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Come in no. 27, your time is upAuthor: Simon Sellars • Jan 6th, 2008 •
The Times has a list of the Greatest British Writers Since 1945.
Ballard’s in there at
no.25 no. 27, where he is appraised like so:
With Empire of the Sun (1984), the fictionalised account of his adolescence in a Second World War Japanese prison camp, Ballard found the wide readership denied to his earlier novels. In the Ballard canon, Empire feels like a sobering glass of water next to a row of hallucinogenic drug cocktails, yet it shares one theme with his second most famous book, Crash, filmed by David Kronenberg [sic] in 1996: the sexualised fetishisation of technology. Literary circles view his blend of dystopian science fiction and modern sociology with suspicion, but Ballard’s impact on wider culture has been immense: The Atrocity Exhibition influenced Joy Division’s album Closer, and Radiohead and Klaxxons [sic] have championed his work. The French philosopher Jean Baudrillard, enthused by more than just the likeness of their names, hailed Crash as the first great postmodern novel.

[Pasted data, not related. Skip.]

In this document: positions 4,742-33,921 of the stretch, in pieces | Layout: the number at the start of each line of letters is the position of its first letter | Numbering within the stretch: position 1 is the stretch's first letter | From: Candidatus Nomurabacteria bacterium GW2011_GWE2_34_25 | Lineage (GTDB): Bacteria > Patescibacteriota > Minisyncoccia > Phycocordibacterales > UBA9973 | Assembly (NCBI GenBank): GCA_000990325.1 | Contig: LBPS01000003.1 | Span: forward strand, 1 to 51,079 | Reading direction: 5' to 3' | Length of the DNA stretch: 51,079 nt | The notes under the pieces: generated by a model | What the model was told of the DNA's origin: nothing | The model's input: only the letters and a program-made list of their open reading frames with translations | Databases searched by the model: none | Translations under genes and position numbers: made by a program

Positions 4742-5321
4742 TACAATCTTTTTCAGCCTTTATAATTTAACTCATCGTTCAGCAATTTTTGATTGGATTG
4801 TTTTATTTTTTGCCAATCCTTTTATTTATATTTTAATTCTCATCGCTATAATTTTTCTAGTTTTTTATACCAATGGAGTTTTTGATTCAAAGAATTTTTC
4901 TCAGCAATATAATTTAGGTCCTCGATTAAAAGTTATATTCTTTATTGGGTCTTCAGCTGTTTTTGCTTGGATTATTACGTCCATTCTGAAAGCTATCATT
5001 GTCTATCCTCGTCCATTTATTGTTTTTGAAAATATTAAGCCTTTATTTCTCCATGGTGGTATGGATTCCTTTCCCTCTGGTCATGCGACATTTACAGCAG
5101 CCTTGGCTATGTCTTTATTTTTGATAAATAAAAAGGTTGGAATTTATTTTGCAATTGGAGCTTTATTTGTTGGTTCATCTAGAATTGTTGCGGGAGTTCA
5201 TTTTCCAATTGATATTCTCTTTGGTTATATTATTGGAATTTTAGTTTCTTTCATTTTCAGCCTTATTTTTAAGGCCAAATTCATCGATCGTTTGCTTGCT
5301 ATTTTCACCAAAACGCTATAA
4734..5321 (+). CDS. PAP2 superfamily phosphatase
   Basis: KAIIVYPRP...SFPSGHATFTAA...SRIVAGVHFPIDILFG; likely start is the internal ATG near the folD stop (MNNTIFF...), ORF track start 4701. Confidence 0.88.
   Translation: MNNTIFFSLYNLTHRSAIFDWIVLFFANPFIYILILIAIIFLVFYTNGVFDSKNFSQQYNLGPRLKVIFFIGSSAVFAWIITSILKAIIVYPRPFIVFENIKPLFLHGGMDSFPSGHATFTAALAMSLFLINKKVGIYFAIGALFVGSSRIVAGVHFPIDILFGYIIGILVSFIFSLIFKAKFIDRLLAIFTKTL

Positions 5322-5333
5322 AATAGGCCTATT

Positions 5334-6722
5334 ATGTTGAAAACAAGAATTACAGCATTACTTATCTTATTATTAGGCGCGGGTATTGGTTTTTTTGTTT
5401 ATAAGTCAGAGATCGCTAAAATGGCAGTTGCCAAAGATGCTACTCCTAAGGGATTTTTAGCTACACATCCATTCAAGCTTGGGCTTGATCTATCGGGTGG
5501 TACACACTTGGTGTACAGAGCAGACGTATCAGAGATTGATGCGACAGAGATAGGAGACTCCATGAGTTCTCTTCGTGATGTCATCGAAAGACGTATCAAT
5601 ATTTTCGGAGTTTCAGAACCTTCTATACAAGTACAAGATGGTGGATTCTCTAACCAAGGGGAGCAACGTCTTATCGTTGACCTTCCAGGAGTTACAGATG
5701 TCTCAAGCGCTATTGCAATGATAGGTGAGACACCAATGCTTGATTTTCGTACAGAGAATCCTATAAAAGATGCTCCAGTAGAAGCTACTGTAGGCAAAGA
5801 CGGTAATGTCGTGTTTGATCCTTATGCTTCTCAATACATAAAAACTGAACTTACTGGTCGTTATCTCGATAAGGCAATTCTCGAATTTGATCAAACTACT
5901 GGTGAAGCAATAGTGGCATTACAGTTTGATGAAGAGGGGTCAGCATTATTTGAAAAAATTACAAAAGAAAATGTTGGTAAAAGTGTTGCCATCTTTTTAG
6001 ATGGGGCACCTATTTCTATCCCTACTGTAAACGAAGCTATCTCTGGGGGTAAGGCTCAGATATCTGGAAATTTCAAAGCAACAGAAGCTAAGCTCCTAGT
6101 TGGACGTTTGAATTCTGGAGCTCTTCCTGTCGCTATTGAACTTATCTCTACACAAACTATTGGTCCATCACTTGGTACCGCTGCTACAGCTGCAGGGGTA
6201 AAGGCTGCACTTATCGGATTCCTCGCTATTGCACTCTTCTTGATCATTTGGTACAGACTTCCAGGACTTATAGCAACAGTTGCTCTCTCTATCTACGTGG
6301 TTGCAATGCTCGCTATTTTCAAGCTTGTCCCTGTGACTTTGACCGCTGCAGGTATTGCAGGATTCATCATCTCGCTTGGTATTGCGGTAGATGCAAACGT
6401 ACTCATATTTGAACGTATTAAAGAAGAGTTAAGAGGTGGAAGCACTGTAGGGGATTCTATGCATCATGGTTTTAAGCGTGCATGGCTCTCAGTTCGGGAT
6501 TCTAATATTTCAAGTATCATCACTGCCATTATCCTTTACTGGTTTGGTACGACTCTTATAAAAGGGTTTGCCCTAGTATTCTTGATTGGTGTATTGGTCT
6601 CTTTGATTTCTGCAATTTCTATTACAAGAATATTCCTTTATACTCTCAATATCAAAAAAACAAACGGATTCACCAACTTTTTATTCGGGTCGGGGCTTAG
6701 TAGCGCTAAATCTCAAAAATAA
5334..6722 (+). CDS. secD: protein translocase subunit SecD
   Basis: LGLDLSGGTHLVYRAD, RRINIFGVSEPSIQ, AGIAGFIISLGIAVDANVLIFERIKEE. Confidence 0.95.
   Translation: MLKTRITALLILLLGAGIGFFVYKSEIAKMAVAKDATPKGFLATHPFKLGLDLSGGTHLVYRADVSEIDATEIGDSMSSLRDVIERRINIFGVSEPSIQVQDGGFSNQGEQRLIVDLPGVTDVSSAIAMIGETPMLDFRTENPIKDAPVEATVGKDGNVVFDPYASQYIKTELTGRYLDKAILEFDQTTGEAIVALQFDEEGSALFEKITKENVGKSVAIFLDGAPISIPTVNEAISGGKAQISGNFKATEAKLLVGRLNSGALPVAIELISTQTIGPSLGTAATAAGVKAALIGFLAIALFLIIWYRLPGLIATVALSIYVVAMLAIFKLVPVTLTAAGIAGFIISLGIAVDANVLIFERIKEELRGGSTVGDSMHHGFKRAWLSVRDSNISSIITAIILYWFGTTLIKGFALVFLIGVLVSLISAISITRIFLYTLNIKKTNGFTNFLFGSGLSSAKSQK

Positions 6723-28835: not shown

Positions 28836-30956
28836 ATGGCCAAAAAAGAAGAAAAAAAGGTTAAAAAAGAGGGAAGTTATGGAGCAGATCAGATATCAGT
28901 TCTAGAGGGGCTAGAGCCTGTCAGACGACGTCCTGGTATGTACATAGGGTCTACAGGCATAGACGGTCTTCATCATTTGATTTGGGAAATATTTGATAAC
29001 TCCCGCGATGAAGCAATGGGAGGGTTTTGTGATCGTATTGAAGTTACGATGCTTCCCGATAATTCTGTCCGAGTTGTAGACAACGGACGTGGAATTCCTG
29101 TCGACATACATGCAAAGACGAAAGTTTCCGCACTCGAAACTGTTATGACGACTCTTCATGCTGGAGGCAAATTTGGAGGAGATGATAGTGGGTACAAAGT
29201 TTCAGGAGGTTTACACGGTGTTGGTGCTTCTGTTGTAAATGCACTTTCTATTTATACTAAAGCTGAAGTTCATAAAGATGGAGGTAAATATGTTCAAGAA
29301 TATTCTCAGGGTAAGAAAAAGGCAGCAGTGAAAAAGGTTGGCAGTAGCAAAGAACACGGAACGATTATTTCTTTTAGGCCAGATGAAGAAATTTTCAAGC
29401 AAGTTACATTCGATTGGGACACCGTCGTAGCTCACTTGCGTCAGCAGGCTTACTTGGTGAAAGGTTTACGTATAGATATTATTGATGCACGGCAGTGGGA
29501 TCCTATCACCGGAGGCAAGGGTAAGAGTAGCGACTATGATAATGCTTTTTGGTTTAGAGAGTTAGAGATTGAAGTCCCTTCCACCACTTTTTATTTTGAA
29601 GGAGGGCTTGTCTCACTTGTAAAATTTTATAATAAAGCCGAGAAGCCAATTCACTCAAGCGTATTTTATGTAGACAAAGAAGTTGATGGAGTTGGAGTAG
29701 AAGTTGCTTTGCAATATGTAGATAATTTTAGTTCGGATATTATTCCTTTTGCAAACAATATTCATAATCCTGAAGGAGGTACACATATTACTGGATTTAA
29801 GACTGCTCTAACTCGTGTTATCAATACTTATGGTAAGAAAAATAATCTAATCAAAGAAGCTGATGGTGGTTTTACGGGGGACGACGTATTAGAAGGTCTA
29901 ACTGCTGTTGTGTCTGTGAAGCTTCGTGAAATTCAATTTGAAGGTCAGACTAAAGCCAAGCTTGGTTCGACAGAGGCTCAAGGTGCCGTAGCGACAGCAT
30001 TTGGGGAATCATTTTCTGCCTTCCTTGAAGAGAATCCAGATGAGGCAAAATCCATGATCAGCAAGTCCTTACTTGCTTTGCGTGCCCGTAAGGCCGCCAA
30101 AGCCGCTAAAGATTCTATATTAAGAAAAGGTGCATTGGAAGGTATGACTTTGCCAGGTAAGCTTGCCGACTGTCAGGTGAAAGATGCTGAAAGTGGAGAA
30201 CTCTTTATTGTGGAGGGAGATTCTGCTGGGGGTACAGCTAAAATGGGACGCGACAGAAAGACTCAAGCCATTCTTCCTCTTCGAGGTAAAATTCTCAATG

One to read: Crash (1973)
Aside from the misspelling of ‘Cronenberg’ and ‘Klaxons’, one thing baffles me: Where exactly does Empire of the Sun deal with ‘the sexualised fetishisation of technology’?
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